Oskar Lindblom. (Claus Andersen/Getty Images)
Oskar Lindblom is the perfect complimentary player: he doesn't try to steal the show, he just clears the way for the stars.
By Uffe Bodin
Sweden | Group A | Roster | THN odds to win: 4:1 It might seem like a luxury to be placed alongside two of the best players in the league. It’s a spot where you can pick up freebies and boost your stats with points you don’t really have to work for. If only it were that simple. Truth is, it takes a certain kind of player to complete a top line with two other stars. Oskar Lindblom is that kind of player. He’s not the flashiest guy on the ice, but thanks to his sneakiness and smarts, he’s often put on top lines, whether it’s on one of the Swedish League’s most productive units with Greg Scott and Anton Rodin on a surprisingly good Brynas squad or on the Swedish world juniors team with William Nylander and Axel Holmstrom.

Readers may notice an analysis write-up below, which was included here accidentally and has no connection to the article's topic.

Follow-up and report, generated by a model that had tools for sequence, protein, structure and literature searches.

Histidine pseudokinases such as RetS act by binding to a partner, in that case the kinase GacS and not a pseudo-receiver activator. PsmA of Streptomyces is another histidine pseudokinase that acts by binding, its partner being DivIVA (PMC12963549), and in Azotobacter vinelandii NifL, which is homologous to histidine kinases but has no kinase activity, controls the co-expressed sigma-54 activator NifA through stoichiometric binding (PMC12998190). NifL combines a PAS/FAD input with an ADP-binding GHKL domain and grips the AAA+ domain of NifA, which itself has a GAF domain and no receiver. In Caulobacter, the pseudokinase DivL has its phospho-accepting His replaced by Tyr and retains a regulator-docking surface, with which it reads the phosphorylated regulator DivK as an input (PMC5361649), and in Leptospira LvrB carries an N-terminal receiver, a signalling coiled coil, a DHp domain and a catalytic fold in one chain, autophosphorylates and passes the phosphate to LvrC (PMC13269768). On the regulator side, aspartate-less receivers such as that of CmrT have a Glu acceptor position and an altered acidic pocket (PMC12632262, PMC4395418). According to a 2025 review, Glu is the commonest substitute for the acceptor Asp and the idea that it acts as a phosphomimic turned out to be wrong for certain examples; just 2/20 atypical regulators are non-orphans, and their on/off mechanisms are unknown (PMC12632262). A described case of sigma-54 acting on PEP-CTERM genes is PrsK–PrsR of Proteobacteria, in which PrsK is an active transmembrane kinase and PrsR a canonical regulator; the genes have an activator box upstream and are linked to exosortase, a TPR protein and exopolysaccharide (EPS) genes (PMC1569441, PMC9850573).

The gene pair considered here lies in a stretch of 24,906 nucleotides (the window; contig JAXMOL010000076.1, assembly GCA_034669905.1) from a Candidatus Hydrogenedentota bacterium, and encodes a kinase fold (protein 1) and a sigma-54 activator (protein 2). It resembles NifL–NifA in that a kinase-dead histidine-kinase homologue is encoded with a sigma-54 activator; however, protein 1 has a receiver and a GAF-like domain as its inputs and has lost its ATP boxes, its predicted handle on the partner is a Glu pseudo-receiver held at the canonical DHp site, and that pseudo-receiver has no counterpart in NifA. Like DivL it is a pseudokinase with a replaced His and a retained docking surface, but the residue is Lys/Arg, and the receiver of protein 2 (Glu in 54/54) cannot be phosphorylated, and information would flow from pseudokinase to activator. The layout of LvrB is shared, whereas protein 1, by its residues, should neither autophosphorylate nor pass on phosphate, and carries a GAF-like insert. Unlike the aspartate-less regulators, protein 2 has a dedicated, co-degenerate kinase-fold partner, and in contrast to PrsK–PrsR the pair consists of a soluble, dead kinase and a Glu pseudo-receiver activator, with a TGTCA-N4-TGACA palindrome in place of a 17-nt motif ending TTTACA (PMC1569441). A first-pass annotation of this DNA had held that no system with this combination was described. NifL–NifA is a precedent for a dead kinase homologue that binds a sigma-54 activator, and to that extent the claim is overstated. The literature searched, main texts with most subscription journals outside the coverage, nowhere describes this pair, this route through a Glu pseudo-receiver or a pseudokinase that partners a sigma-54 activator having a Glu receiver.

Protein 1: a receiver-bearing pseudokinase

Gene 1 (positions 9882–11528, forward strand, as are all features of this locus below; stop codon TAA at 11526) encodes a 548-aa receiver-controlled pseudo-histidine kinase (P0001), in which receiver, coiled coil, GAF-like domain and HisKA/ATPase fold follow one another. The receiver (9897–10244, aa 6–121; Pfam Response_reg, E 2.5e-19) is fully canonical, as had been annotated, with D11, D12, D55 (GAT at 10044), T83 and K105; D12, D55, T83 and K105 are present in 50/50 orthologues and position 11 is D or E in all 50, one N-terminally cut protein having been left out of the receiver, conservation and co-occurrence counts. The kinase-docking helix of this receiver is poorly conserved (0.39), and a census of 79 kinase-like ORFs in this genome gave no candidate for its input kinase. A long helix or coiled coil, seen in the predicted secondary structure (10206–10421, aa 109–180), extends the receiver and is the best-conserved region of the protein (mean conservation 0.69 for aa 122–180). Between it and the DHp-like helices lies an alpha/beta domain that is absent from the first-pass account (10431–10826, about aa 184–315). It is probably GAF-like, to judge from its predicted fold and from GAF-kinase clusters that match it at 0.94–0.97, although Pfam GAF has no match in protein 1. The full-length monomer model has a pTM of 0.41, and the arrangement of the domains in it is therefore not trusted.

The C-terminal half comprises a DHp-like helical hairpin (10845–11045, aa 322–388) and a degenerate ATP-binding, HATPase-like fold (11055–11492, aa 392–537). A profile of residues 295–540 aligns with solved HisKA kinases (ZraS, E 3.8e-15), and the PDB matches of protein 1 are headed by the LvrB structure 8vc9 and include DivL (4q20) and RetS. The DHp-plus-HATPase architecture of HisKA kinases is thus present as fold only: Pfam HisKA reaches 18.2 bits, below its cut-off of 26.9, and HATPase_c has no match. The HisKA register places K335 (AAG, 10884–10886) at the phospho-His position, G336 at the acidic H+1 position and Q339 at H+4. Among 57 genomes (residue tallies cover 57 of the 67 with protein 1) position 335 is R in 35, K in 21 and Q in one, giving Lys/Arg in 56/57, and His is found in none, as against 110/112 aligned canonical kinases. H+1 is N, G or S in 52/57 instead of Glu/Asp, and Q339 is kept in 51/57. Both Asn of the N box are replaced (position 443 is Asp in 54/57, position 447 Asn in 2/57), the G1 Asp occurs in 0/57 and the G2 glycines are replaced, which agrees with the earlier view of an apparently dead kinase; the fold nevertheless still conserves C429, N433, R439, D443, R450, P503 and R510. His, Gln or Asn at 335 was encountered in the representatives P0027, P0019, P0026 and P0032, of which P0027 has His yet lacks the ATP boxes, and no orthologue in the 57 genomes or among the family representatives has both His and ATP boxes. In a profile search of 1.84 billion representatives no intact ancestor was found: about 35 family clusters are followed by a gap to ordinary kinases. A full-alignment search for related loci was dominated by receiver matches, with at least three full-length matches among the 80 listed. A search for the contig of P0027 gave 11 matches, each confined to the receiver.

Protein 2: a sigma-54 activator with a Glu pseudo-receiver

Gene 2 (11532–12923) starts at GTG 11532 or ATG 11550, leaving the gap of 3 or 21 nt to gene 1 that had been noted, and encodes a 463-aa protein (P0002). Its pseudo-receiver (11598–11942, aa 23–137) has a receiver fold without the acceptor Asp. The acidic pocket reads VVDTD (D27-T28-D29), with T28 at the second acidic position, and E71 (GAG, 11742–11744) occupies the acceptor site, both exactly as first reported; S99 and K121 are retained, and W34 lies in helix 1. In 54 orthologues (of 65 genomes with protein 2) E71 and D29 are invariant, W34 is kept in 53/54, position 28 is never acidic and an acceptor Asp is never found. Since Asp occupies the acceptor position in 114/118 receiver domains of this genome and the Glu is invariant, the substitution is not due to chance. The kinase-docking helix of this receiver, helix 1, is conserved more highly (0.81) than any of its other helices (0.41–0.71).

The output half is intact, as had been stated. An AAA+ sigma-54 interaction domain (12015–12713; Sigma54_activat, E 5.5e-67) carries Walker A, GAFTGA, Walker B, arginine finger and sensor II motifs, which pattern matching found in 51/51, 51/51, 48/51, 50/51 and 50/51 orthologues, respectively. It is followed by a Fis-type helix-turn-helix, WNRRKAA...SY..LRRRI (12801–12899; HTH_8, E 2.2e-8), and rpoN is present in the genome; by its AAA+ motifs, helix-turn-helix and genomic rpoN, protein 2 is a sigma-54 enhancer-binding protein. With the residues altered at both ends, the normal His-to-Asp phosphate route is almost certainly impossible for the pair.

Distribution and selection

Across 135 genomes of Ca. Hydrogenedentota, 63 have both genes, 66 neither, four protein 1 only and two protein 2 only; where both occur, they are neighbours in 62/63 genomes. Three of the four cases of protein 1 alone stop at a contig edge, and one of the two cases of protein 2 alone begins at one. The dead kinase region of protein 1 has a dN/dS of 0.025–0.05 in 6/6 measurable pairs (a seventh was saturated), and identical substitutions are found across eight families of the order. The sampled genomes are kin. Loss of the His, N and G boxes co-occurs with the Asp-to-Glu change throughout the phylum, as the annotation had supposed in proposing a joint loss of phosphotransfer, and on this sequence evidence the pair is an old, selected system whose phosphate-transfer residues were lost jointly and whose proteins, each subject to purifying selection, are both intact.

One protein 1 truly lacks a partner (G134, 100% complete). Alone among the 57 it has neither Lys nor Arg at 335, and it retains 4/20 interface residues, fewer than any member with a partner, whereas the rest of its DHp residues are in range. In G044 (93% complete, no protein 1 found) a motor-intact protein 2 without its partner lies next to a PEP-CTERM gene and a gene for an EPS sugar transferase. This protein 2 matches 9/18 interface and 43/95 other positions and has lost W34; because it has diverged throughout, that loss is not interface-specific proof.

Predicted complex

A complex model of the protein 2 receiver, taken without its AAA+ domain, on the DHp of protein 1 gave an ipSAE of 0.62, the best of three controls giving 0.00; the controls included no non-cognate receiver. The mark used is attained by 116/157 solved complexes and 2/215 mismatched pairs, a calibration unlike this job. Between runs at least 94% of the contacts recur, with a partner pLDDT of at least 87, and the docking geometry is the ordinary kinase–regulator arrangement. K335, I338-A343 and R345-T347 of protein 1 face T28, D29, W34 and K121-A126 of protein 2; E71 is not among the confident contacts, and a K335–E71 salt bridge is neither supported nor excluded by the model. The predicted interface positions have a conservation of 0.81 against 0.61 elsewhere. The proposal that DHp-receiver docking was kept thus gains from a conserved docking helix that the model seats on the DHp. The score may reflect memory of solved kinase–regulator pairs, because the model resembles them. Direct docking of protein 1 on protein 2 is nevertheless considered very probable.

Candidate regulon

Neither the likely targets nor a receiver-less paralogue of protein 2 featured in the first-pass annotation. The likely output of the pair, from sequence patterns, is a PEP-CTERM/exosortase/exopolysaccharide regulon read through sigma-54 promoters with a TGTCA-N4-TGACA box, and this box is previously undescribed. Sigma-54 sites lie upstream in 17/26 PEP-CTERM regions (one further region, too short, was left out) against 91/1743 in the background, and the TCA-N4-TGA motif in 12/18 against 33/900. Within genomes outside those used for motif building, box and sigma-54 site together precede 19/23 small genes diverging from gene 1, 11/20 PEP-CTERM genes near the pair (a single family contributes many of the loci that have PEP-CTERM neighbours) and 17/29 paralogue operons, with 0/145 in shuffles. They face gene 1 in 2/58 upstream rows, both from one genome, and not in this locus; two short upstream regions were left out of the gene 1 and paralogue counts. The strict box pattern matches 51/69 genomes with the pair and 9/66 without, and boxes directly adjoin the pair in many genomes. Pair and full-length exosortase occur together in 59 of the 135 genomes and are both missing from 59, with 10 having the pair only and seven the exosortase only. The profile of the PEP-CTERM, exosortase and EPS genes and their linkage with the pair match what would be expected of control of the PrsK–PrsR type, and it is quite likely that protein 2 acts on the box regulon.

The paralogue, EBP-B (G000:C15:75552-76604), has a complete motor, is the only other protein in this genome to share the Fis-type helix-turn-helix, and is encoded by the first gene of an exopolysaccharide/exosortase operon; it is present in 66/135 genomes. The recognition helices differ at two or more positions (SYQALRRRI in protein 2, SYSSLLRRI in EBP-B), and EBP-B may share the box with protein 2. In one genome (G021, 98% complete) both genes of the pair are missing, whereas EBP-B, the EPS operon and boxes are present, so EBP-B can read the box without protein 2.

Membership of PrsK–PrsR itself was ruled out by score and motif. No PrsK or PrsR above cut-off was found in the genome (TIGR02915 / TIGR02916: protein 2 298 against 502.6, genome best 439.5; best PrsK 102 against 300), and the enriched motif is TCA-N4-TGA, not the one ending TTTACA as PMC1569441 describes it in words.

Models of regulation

“I guess I’m not the guy who holds onto the puck the longest, although it’s a part of the game that I’ve improved,” said Lindblom, a 19-year-old left winger. “I try to do a lot of the dirty work, pave the way for the other guys and be at the right place at the right time. One of my main strengths is that I’m good around the net, so there’s where I try to find the right spots.” In Toronto at last year’s World Junior Championship, Lindblom was second in scoring on Team Sweden after linemate Nylander, notching four goals and nine points in seven games. After a really strong start to the SHL season, where Lindblom has been the top point producer among junior-aged players, he’s slotted for another key role for the Swedes in Helsinki come Christmas time. “He’s a guy that has always produced for us,” said Sweden coach Rikard Gronborg. “He might not be the player that sticks out the most, but he’ll still leave the game with a few points.” Lindblom hopes the outcome of this year’s tournament will be better than in Toronto, where Sweden lost to underdog Slovakia in the bronze medal game. “There’s a feeling of revenge to the whole thing,” he said. “You want to go there and do better than last year. It really seems like we’ll have a good team this time around, a lot of returning players, guys that learned a lot last year about what it takes. It looks really good.” The Philadelphia Flyers drafted him in the fifth round, 138th overall, in 2014. After participating in two consecutive development camps with the Flyers, it sounds as if he’s tempted to give hockey in North America a shot in a year or two. “It all depends on what the Flyers think I should do,” he said. “If they sign me, they might want to keep me here in Sweden for another season to make more progress. At the same time, I’ve taken some good steps in my development this year, so we’ll see. When that day comes, I’m sure it’s going to be a tough decision.”